The Archive History

With the Royal Decree of the December 22nd, 1808, Joachim Murat established a “General Archive of the Kingdom” to gather the documents of the existing judiciary until the arrival of the French: the Archives of the Regia Camera of Sommaria, of Zecca, of Chancellery and of Viceroys, those of the Giunta degli Abusi, the Giunta di Sicilia and the Curia of the Major Chaplain, and finally the archives of the ancient public benches, the surrenders and all the ancient administrations. However, the archives of the Banks were never part of the heritage of the General Archives. They were concentrated in the banking institution that was to become the Banco di Napoli, and such is still the arrangement today.
In 1812, the archives of the Sacred Royal Council, the Grand Court of the Vicariate, the Admiralty, the Magistrate of Commerce, the General Audience of War and the Royal House, the archives of numerous Delegations and Special Councils, as well as the archives of the Royal Chamber of Santa Chiara, the highest advisory body in the early Bourbon period, joined the General Archives of the Kingdom. Starting in 1809, the archival core of the “Stato Civile” was also handed over.
With the Unification of Italy, the documents of the suppressed pre-unification ministries, and all the administrations that depended on them, were transferred to the Great Archive of Naples: 62 new archival funds, which further enriched the documental patrimony. In 1845, the Great Archive of Naples was transferred, from the original and narrow site of Castelcapuano, to the premises of the ancient monastery of Saints Severino and Sossio.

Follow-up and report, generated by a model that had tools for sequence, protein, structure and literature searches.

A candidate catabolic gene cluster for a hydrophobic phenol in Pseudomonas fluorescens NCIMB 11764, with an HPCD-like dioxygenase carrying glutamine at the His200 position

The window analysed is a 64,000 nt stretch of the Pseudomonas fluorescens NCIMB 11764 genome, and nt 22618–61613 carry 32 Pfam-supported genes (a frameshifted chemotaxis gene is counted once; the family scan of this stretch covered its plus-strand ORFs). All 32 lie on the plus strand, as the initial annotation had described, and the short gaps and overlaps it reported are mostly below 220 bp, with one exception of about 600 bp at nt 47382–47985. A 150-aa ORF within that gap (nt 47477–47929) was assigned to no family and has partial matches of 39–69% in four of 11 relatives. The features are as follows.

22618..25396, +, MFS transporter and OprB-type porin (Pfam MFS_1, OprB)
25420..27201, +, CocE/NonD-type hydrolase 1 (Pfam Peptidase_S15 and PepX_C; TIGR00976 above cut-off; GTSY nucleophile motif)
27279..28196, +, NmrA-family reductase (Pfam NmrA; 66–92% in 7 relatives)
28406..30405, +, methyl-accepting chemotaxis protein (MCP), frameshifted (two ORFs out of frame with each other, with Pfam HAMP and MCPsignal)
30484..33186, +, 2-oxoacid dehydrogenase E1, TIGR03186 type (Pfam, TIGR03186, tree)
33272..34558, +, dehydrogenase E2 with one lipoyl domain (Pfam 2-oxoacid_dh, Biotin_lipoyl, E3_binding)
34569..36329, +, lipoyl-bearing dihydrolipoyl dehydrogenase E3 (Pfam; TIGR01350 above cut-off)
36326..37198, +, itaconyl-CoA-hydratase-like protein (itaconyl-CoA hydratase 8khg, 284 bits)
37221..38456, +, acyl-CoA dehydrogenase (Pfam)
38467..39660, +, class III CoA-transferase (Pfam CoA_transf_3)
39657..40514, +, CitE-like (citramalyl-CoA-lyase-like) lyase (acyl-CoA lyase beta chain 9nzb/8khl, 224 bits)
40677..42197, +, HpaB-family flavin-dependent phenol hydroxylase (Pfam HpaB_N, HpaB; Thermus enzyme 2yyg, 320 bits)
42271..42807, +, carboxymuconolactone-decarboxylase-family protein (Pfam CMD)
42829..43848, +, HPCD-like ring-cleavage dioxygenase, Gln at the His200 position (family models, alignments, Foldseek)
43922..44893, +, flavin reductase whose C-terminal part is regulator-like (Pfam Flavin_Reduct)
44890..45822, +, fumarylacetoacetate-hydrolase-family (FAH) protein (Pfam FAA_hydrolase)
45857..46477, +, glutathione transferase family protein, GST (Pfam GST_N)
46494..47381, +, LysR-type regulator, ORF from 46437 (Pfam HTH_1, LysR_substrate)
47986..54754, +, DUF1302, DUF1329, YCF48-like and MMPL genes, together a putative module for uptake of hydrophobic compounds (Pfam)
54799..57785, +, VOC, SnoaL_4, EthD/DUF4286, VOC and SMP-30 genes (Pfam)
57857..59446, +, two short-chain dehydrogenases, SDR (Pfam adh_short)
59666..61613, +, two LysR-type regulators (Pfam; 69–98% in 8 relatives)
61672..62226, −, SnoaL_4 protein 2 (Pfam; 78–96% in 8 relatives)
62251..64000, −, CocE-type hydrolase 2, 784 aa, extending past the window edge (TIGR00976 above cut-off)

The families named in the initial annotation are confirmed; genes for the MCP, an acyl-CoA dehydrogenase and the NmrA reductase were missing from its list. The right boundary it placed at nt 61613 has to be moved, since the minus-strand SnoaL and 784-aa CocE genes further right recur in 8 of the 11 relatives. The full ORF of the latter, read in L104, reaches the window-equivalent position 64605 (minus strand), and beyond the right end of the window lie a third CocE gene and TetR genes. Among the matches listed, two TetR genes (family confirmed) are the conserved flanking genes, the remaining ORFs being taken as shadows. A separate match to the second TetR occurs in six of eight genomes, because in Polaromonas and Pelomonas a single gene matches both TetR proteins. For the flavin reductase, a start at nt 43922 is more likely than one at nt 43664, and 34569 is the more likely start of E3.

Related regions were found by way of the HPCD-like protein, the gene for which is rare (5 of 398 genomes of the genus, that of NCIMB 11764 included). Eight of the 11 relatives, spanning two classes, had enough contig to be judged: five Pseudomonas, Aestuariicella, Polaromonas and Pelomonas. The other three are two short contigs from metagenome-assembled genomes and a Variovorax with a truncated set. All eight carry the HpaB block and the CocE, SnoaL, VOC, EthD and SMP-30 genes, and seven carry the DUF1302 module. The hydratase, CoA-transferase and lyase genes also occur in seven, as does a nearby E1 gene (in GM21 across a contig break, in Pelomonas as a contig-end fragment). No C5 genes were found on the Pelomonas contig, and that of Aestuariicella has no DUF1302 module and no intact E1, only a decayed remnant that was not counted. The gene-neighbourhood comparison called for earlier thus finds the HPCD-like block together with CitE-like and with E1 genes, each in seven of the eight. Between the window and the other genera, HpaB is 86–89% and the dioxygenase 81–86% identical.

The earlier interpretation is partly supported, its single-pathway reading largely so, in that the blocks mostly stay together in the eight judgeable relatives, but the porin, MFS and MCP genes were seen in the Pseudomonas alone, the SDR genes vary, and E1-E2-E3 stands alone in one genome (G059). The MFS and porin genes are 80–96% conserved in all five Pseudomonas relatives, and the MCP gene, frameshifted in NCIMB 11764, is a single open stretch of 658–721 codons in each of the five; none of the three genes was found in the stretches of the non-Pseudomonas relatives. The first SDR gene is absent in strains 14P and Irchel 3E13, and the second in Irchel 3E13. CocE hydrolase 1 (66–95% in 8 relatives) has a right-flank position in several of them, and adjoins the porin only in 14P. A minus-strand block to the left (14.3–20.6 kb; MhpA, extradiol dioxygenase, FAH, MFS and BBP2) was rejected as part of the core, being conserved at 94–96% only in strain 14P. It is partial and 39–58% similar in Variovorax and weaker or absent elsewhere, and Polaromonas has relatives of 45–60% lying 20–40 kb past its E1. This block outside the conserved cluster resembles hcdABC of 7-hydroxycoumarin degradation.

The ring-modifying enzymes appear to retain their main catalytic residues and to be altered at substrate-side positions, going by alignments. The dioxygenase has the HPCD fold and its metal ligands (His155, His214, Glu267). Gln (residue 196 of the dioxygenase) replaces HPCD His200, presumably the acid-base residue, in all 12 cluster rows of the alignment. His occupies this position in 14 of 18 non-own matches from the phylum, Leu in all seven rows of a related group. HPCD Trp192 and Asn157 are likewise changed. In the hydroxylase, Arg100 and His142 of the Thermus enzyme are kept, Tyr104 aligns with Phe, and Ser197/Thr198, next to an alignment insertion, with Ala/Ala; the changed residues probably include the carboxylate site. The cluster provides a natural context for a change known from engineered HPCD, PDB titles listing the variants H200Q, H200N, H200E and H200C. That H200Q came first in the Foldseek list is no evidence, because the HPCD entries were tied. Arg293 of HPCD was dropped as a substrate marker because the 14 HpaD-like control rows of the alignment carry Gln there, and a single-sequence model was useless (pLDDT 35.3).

One of the most precious and richly documented fund is that of the Archives of the Notaries, which are periodically deposited by the archives of the Notary District of Naples. Today, the Archive preserves the protocols of the notaries with deeds between the 15th and 19th century.
Under the direction of Riccardo Filangieri di Candida (1934-1956) a policy of acquisition was undertaken, through the purchase, deposit, or donation, of the archives of the Neapolitan aristocratic families. This documentation allows to integrate the frequent intentional or accidental losses of the documents produced by the public institutions of the Kingdom of Southern Italy.
The recently acquired private archives of the scholar Paolo Ricci, of the writer Annamaria Ortese and of the architect Luigi Cosenza, are preserved in the subsidiary headquarters of Pizzofalcone.
The Bourbon Archive, purchased in 1951, integrates the documentation of the Royal House, partially destroyed in 1943 during the last war, and is of particular interest.
There are also precious pieces in the Archive: the “Code of Santa Marta”, illuminated parchment sheets with the coats of arms of the sovereigns and members of the most remarkable families of the Kingdom; the collection of seals and matrices and the “Lapidary Paper”, a document of the VIII century, found in the countryside near Cuma.
The subsidiary site of Pizzofalcone, also called the “military archive”, mainly preserves documents of military history and archives from military magistrates, including the War Ministry and Navy from the Bourbon era, the Military Orphanage, the Military Courts, the maps of the Royal Topographical Office, but also the registers of the Military Districts of Naples, Aversa and Nola, the matricular sheets of the drafted and the papers of the provincial Office of the Draft of Naples.

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